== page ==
Due to a slight case of fatigue I took last Sunday off and am combining weeks 4 and 5 into one blog. And what a blog it will be!
The two weeks began with a dramatic drop in blue whale numbers as the krill all but disappeared and signs of squid began to show up. Humpback numbers exploded to amounts never seen in these waters before. It seems the common dolphins were usually around the humpbacks by the hundreds, and the early morning scenes of multiple humpbacks with hundreds of dolphins against the pink cliffs lit up with sunrise were simply put, stunning. One lonely blue whale kept showing up here and there. The winds kept us from expanding our search zone.
Then things changed. The winds dropped and our reach expanded. First we found a dead dwarf sperm whale which in itself is quite a rare find. This species is little known and the skeleton will make its way back to Loreto and be one of not very many to be found anywhere. This species is the smallest species of whale in the world.
Then we made it up north to the bird island if Il Defonso and saw hundreds of magnificent frigatebirds in a mating colony. Many of the males had their necks inflated with their showy red balloon like appendages.
Finally things got spectacular. It began with a long search that uncovered nothing for about 4 hours one day and then brought us into the midst of a massive pod of sperm whales. They were uncountable but we had to come up with a number. We agreed on somewhere between 40 and 150. They stretched for miles in small groups of 2 or three. It could have been close to ten miles, but truly the distance was hard to tell as they were all moving just as we were. The likelihood is that there were somewhere around 100 of them. We had one bull that swam right at our panga and actually rubbed up agains the side of it depositing a piece of his skin on the boat! YES it was intimidating, an exciting and to be honest an anxious moment. The sperm whale encounter ended with a group of short finned pilot whales on the edge, in itself an exciting encounter with about 25 in the pod. This was a truly fantastic day.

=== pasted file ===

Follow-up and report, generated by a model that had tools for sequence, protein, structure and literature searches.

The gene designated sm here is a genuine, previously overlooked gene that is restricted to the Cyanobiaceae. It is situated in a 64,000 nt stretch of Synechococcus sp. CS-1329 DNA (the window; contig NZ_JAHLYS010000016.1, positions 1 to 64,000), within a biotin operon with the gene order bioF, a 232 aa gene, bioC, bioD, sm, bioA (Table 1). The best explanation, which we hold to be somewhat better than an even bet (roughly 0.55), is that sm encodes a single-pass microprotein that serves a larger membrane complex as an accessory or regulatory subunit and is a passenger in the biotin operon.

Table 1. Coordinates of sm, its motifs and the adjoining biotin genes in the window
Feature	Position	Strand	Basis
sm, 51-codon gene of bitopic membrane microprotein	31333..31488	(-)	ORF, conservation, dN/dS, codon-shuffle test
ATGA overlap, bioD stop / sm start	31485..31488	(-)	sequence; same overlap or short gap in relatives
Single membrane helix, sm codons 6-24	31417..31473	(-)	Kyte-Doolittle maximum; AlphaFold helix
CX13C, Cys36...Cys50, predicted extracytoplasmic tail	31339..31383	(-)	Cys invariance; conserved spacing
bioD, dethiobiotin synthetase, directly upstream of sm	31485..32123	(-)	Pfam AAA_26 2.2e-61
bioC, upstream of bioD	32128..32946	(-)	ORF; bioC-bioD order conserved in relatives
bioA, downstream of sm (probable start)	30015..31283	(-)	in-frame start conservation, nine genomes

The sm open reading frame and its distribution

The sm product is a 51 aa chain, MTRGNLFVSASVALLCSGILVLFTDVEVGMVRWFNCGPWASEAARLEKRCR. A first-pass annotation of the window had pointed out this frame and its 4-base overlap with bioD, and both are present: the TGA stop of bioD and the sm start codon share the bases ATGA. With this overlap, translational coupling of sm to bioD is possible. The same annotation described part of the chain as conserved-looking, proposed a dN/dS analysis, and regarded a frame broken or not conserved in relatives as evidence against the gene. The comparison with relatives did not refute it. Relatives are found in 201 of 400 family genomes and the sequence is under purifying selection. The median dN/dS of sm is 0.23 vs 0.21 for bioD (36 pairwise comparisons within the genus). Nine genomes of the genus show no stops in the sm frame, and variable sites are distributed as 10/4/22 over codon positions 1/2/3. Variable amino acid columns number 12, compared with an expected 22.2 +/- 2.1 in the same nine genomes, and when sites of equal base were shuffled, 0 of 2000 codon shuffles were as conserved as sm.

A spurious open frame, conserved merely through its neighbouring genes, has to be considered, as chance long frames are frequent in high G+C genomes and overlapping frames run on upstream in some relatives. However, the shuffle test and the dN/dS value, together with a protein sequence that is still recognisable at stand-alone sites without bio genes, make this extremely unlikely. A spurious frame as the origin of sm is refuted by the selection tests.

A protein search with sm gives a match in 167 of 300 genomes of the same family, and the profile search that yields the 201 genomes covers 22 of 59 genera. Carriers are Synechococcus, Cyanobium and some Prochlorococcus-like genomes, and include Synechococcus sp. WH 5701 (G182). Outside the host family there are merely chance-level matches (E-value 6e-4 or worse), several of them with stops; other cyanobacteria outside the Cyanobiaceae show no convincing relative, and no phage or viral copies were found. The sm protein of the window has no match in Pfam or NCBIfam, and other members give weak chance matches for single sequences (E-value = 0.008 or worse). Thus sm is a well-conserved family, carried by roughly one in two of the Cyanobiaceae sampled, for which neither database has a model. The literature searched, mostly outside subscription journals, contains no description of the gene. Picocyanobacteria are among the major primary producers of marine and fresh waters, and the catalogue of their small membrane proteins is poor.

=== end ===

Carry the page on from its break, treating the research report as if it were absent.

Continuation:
The next day brought us a repetitive breaching humpback whale just off the towering cliffs of the north side of the Coronado Volcano, the same lonely blue whale from the week before and then perhaps the highlight of the whole season. On our way in just the day after the sperm whale encounter we happened upon 8 orcas! Two males, two young and four females with perhaps a juvenile male mixed in there made up the pod compostion. In all their beauty there they were! They were quite curious toward us and in particular toward my underwater video camera hanging form the end of a long extension pole. Everyone had great looks at these kings and queens of the sea and I was able to capture some very beautiful underwater video of them and as well to photo identify all of them above the surface.
We end the 2 weeks with the wind howling the strongest it has all season long. We question if we will see any more blue whales this year but are confident that there are grand sightings ahead in our last 2 weeks even if the beloved blues prove in fact to be gone.
Stay tuned for more next week.